On 14 June Auchinleck authorised Ritchie to withdraw from the Gazala line. Stuck in boxes to the north of Knightsbridge, cut of by the Axis who were swarming towards Tobruk. 50th Northumbrian and 1st South African were ordered to break out east while the 15th and 21st Panzer tried to cut them off. The defenders in the El Adem Box and two neighbouring boxes held firm and the 1st South African Division was able to withdraw along the coastal road practically intact. The road could not accommodate two divisions so the remaining two brigades of the 50th Northumbrian had to find an alternative. They could not retreat directly east because of the presence of the Axis armour so, instead, they attacked south west breaking through the lines of the Italian X Corps’ Brescia and Pavia Divisions and headed south into the desert before turning east and heading back to friendly territory. Weary units of 7th Armoured Division managed to delay the German armour allowing most of the 50th Northumbrian to escape and the 1st South African Division, withdrawing along the coast road lost only its rearguard. By now most of the 8th Army was in retreat to the El Alamein line.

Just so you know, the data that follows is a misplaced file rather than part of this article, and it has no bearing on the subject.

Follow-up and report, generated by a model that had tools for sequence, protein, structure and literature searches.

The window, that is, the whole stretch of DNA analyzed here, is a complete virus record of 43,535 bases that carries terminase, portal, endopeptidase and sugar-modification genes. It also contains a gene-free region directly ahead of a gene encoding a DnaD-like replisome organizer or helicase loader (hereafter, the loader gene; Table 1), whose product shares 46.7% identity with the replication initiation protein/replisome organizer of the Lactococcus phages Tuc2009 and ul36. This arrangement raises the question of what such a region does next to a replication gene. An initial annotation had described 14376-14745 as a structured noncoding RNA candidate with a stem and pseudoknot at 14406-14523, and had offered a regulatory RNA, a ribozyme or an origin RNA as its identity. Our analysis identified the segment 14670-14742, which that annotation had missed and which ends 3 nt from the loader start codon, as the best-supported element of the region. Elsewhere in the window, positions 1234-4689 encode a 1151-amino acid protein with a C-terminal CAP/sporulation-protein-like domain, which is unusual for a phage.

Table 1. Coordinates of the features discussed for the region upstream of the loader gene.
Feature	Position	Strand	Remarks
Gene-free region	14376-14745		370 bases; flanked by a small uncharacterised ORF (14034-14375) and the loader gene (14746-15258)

General Auchinleck took direct command of the Eighth Army from General Ritchie, reversing the earlier decision to stand a Mersa Matruh and ordered a withdrawal to the secure line between the Qattara Depression and El Alamein. By 27 June Mersa Matruh fell. By now the Western Desert was a full of mixed up units all heading east, and with both sides using each others transport it was difficult for both air forces to know who to attack and mistakes were made by both sides. This retreat became known as the ‘Gazala Gallop’ .
On 1 July After attacking west through the Italian Lines and then swinging east behind Rommel’s forces all the remaining units of the 50th (Northumbrian) Division were on or behind the Alamein Line. 50th Northumbrian did not take part in the First Battle of El Alamein, being held in reserve because it was understrength.